Since that fateful fall day some thousand years ago, I've come to realize that manapua is called hom bao or char siu bao in every place other than Hawaii.  But it is the same thing. . .chopped bbq pork encased in an eggless yeast dough.  And it does make a great snack (like the Huffington Post article states)!  Traditionally, manapua is steamed, hence the white color, but baked manapua is also popular, at least in Hawaii.  The dough of the baked version is not the same as the steamed version.  The baked manapua dough usually contains egg and is yellowish in color.  Both doughs are slightly sweet.  I think most of my friends actually prefer the baked version, but I'm traditional and prefer the snowy white bun (steamed).

My favorite places for manapua are Chun Wah Kam, Char Hung Sut, and Legend Seafood Restaurant (this place calls it char siu bao).  All places are in Honolulu so it's not like I can just run down to the corner to get it when the urge arises, but I try to bring some home when I go to Honolulu.  Manapua freezes/reheats well.  Because it's not so easy to get here (frozen kine in the store just doesn't cut it), if I really want manapua, I make my own.  The BBQ Country Ribs, last weeks post, makes a great filling for manapua.  If you bought over 8 lbs of country style spareribs from Safeway, you'd have tons of leftover bbq pork too!

click on recipe title for printable recipe

     6 1/4 c flour + more for dusting
     3/4 c sugar
     2 1/4 tsp yeast
     1/3 c warm water
     1 tsp salt
     1 1/2 tbsp Crisco shortening
     1 c hot water
     3/4 c milk

Dissolve yeast in warm water.  Set aside.  Stir together flour, sugar, salt.  Combine hot water, milk, and crisco.  Add to flour mixture.  Add yeast mixture.  Using a dough hook, mix on speed 2 for 5 minutes, stopping as necessary to scrape sides of bowl.  Place in a greased bowl and let rise for an hour.  While dough is rising, make filling as follows:

     2 1/2 c char siu (Chinese barbecued pork), diced
     8 water chestnuts, diced
     2 tbsp diced onion
     2 tsp sugar
     1 tbsp shoyu
     1 tsp hoi sin sauce
     1 tsp red bean curd
     1/8 tsp (or less) red paste food coloring

Stir fry all ingredients except food coloring for 3 minutes.  Remove from heat and add food coloring.  Set aside to cool.

Cut 36 squares of waxed paper (3 x 3 inches).

Punch down dough and let rest 10 minutes.  Turn out onto floured surface.  Divide dough into 36 pieces.  Flatten and fill with a tablespoon of filling.  Place seam-side down on waxed paper squares.  When double in size, steam for 20 minutes.

It's official...I'm back at work.  Boohoohoo.

On the bright side, the Ds are home!!!  They managed to get in yesterday, amidst the much-ado-about-nothing threat of post-tropical cyclone Wali. 

Monday, July 14, 2014

BBQ Country Ribs

Kikukat and family would like to extend their condolences to the Lewis family of Fredericksburg, VA.  On Saturday, their eldest child William was fatally shot in Chicago while waiting for a bus.  Although Chicago police believe the shooting to be gang-related, they believe Wil was not the intended target.  Wil was a talented young man with a bright future.  He was only twenty-eight.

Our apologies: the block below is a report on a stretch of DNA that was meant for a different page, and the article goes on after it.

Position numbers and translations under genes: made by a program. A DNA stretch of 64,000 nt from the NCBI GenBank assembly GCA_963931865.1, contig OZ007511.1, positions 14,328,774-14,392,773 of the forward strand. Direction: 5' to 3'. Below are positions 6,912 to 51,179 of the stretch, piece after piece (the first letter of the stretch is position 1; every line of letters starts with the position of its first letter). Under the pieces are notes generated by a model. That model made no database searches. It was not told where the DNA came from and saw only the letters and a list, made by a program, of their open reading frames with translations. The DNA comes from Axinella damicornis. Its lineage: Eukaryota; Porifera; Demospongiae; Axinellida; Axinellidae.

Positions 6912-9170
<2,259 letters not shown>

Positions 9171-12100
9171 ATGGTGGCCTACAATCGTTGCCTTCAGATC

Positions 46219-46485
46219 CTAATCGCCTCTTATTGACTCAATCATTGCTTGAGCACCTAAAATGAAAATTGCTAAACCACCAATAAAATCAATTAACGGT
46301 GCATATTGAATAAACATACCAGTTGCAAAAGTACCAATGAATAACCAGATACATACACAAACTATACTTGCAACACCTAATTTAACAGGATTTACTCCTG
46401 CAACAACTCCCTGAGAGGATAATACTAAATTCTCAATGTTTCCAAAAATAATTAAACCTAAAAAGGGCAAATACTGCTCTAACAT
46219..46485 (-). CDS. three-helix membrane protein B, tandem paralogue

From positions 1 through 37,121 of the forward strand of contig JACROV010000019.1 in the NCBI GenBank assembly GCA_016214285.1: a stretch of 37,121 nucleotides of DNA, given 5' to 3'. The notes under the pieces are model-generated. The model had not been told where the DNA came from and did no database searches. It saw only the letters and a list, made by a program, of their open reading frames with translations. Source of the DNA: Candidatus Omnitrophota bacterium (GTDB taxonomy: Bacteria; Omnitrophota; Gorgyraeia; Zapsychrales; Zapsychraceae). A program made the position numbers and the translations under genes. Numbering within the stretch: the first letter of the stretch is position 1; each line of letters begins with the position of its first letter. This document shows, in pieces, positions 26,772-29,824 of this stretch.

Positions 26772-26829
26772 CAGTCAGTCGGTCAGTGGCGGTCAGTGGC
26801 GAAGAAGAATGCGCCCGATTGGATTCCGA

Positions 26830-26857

Although I've never met Wil, his dad, Joseph, is a friend.  Joe's day job is principal of Stafford Senior High School in Fredericksburg, VA.  Joe's other profession is a writer.  A few years ago, I was honored when Joe asked me to read his manuscript Stolen Lives, prior to meeting with his publishers.

Joe is also a blogger.  His most recent post, With Sadness (Sunday, July 13, 2014), on his blog, Simple Thoughts from a Complicated Mind, Sort of. . ., is so heartwrenching for me to read.  The agony a parent goes through when dealing with the death of a child is beyond comprehension.  Mr. Dependable once said, "A parent should not bury a child."  He has said a lot of stupid ass things, but that was something he actually got right.

The Ds have been traveling for over a week, and I miss them terribly.  Everytime I see their messy rooms I want to scream, but I still miss them.  I want to hug them real tight and tell them how much I love them.  I think Desi and Kennie miss them too.  At least once a day I'll see one of the kats walking out from the Ds wing [of the house].  Reading Joe's blog made me miss them even more. 

As much as I miss them, I can't waste time fretting over their absence, for my vacation clock is ticking.  This is the last Monday of summer vacation for me.  I need to make the most of my time left.  Most teachers officially begin the school year on July 28, but I begin on the 21st.  I feel like I've been working all summer, and lately, even if I'm not doing esy, I'm extra busy!

Last week was a busy week.  I was nice to The Help and bought him a tray of botamochi/ohagi.  After watching the Kenmin Show, all The Help could talk about was ohagi.  My friend's mom makes the best ohagi so I ordered some for The Help, his parents, and my parents.  That kept him quiet for a while.

I went in to work on Wednesday to meet and greet a new teacher.  I offered to help him get his keys and show him around.  He is new to the school but not new to teaching.  I hope he will enjoy his new home!  Actually, he should.  He is leaving a toxic situation, which will not get better unless. . .

I also enjoyed a nice lunch with Brucie, who just returned from a magical trip to England and Switzerland.  Sounds like he had a lot of fun, and thanks to him, I now have another three mugs for my collection.  Brucie is who I wanna be when I grow up!

After about a year, The Help and I made an attempt to make it back to Takenoko Sushi for lunch.  When I called a few weeks ago for a dinner reservation, they told me their next dinner opening was in August!  I couldn't wait that long.  Luckily, the wait for a lunch seating was only a week.  At the last moment, The Help gave up his seat for my parents (I was able to secure another seat), so I ended up going with them instead.  Like Sushi Sasabune, the best part of Takenoko is the omakase (chef's choice).  But unlike Sushi Sasabune, where you think you might get scoldings (or kicked out) for eating something incorrectly, Takenoko is more laid back.  Kikukat Dad tried uni (sea urchin) for the first time.  He said The Help can have his share from now on.  He said there was something stinky about it.  Kikukat Mom is not an adventurous eater, so she stuck with the basics:  unagi (eel), hamachi (yellowtail), toro (fatty tuna), and salmon.  Boring.  Kikukat Dad has a habit of inhaling his food, so we were outta there within 30 minutes.  I soooo could not savor and enjoy every bite.